June 19

1 comments

How Can Your Credit Score Impact Your Life?


When you reach eighteen and become an independent adult starting out in the world, money can be a bit of a minefield. All of a sudden you’re responsible for your own finances, and you can have companies contacting you asking if you want to take out loans, store cards, and credit cards.

Not knowing the consequences, so many people fall into debt, and over time massively impact their credit score. Knowing how important your score is and how it can affect your lifestyle could be enough to deter you from making this mistake. Here’s how your credit score can impact your life.  

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You won’t be able to get a mortgage

Getting a foot on the property ladder is one of the best things you can do in your adult life. It gives you financial security and enables you to put your funds into a building you will eventually own. Once your mortgage is paid off, you have somewhere to live cost-free later in life, which is useful when you retire. With a poor credit score, chances are you won’t be able to get a mortgage at all. Mortgage companies are very selective, even a few missed payments can be enough for them to turn you down.

You can struggle to rent a place too

So you can’t get a mortgage, your next step would be to rent a place… right? This might not be so simple either. If you go through an estate agent, they will often run credit checks before you’re accepted to check that you’re not going to go awol and not pay your rent. With a poor credit score, you can massively reduce your chances of being accepted by landlords and can struggle moving out.

Related: Adulting 101: The 6 Types of Insurance You Need & Why!

You could be rejected for car finance

Cars can be so expensive, not just the latest and greatest model but even a simple little runaround can be pricey enough. The older the car the cheaper it’s likely to be, but this can also affect its reliability which can cost you more in repairs. Sometimes, taking out car finance on a better model can save you in the long run- but it’s not always an option if your credit is poor. You might end up in a position where you can only afford an old and unreliable model or maybe even not be able to get one at all. This is going to seriously impact your life and even your job prospects. A car on finances allows you to spread the cost by paying monthly and snagging yourself a newer and better vehicle.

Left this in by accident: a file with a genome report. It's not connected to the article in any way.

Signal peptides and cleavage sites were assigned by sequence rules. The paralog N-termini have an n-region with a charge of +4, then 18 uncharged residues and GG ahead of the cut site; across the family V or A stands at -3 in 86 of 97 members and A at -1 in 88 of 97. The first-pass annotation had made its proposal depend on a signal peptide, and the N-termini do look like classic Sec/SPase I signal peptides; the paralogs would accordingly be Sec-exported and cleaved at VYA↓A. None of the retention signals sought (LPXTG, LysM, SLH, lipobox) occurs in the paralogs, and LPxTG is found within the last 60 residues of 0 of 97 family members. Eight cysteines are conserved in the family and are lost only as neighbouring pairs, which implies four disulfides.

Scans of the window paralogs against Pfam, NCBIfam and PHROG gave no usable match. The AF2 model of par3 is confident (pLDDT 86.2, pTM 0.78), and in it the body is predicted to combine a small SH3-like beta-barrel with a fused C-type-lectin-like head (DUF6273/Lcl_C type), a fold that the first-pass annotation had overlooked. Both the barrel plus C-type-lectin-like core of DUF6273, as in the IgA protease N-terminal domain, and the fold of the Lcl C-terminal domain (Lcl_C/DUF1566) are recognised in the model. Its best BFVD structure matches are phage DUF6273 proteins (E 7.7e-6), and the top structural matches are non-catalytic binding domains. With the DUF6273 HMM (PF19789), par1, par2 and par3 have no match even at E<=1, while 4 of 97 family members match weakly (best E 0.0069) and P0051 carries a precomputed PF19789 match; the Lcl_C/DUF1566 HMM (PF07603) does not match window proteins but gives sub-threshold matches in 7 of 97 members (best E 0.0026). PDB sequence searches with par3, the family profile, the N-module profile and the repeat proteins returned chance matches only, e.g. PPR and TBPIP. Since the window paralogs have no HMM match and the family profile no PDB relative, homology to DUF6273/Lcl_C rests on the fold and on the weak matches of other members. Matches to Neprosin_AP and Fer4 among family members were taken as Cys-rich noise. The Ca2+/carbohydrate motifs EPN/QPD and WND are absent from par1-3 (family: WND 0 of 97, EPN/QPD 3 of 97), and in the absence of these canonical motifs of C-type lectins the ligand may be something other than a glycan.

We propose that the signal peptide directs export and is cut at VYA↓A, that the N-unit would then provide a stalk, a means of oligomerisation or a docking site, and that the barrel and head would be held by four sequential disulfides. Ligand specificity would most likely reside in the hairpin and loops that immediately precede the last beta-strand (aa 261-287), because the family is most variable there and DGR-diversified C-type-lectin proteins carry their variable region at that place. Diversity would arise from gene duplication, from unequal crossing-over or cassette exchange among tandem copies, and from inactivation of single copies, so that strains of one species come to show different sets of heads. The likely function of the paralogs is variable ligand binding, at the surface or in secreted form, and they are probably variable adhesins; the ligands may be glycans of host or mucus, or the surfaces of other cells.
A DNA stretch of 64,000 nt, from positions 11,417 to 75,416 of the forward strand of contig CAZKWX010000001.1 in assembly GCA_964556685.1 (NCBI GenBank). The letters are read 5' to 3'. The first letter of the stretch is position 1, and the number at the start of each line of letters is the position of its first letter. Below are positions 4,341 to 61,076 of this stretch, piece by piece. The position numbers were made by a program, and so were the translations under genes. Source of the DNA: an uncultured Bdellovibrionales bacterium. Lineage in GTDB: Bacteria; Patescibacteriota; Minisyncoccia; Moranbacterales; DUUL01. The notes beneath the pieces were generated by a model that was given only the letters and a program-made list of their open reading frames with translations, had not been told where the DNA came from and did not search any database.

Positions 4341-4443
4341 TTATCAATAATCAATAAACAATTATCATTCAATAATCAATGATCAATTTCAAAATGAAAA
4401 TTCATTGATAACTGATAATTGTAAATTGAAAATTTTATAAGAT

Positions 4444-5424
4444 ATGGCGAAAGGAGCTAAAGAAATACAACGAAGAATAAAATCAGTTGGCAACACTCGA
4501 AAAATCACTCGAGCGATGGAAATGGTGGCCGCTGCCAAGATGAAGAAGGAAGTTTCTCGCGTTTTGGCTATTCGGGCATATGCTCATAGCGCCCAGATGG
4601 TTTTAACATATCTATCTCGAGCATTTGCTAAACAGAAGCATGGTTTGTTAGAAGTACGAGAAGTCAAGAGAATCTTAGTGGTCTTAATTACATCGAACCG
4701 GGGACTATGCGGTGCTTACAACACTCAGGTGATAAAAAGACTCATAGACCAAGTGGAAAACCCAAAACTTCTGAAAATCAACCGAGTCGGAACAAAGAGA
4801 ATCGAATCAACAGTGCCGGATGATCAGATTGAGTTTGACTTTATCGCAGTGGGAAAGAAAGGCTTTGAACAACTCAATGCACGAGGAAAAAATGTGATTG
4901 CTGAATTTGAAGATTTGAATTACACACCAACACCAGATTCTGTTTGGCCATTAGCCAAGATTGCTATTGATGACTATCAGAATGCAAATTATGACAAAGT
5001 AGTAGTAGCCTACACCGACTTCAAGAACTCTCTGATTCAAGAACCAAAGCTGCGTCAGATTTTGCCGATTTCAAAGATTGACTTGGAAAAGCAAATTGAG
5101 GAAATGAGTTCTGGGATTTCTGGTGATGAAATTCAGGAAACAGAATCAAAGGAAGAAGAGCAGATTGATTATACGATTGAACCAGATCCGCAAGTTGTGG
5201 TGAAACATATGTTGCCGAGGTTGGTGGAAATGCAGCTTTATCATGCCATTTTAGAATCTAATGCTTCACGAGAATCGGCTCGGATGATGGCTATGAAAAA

Related: Money Saving Tips For Buying A Used Car

You won’t be able to access credit cards or loans when you need them

It’s easy to have the attitude that ‘my credit score is poor but it’s fine- I’ll just never use credit.’ However, life can sometimes throw us a curveball. If you need access to instant cash in an emergency then it won’t always be plain sailing. There are lenders who will consider those with a less than perfect score, but be sure to do your research. Find what rate you’re being offered and read reviews to find a good one. If you read reviews of Knight Capital loans, for example, you’ll see that previous customers have been happy with the company.

You’re likely to get rejected for a phone plan

We live in a digital age, smartphones are no longer a luxury but a total necessity. So when you’re not able to even take a phone plan out in your name, it can be a problem. Unless you have a kind relative willing to take one out for you, you’ll be stuck with second-hand handsets with rubbish battery life and whatever sim- only deal will accept you. Mobile phones these days are incredibly expensive, and providers aren’t going to give handsets and contracts to just anyone. They need to know that their customers are going to pay up, and the debt won’t end up being chased through debt collection and other methods.

Improving your credit score

If you’ve already affected your credit score then it’s time to look at damage control. Cut up your cards and come up with a plan for paying them off. If you’re seriously struggling, contact your creditors and come up with an agreement so they won’t give you a default. A lot of the time, all you can do is wait it out for negative entries to drop off. The trouble is, this takes six years so prevention is better than cure!

Related: A Step-by-Step Guide to Fixing Bad Credit


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  • And trying to get insurance is costly. Insurance companies check credit scores. the lower the scores the higher the insurance. They view you as a bad risk. Its called the risk factor.

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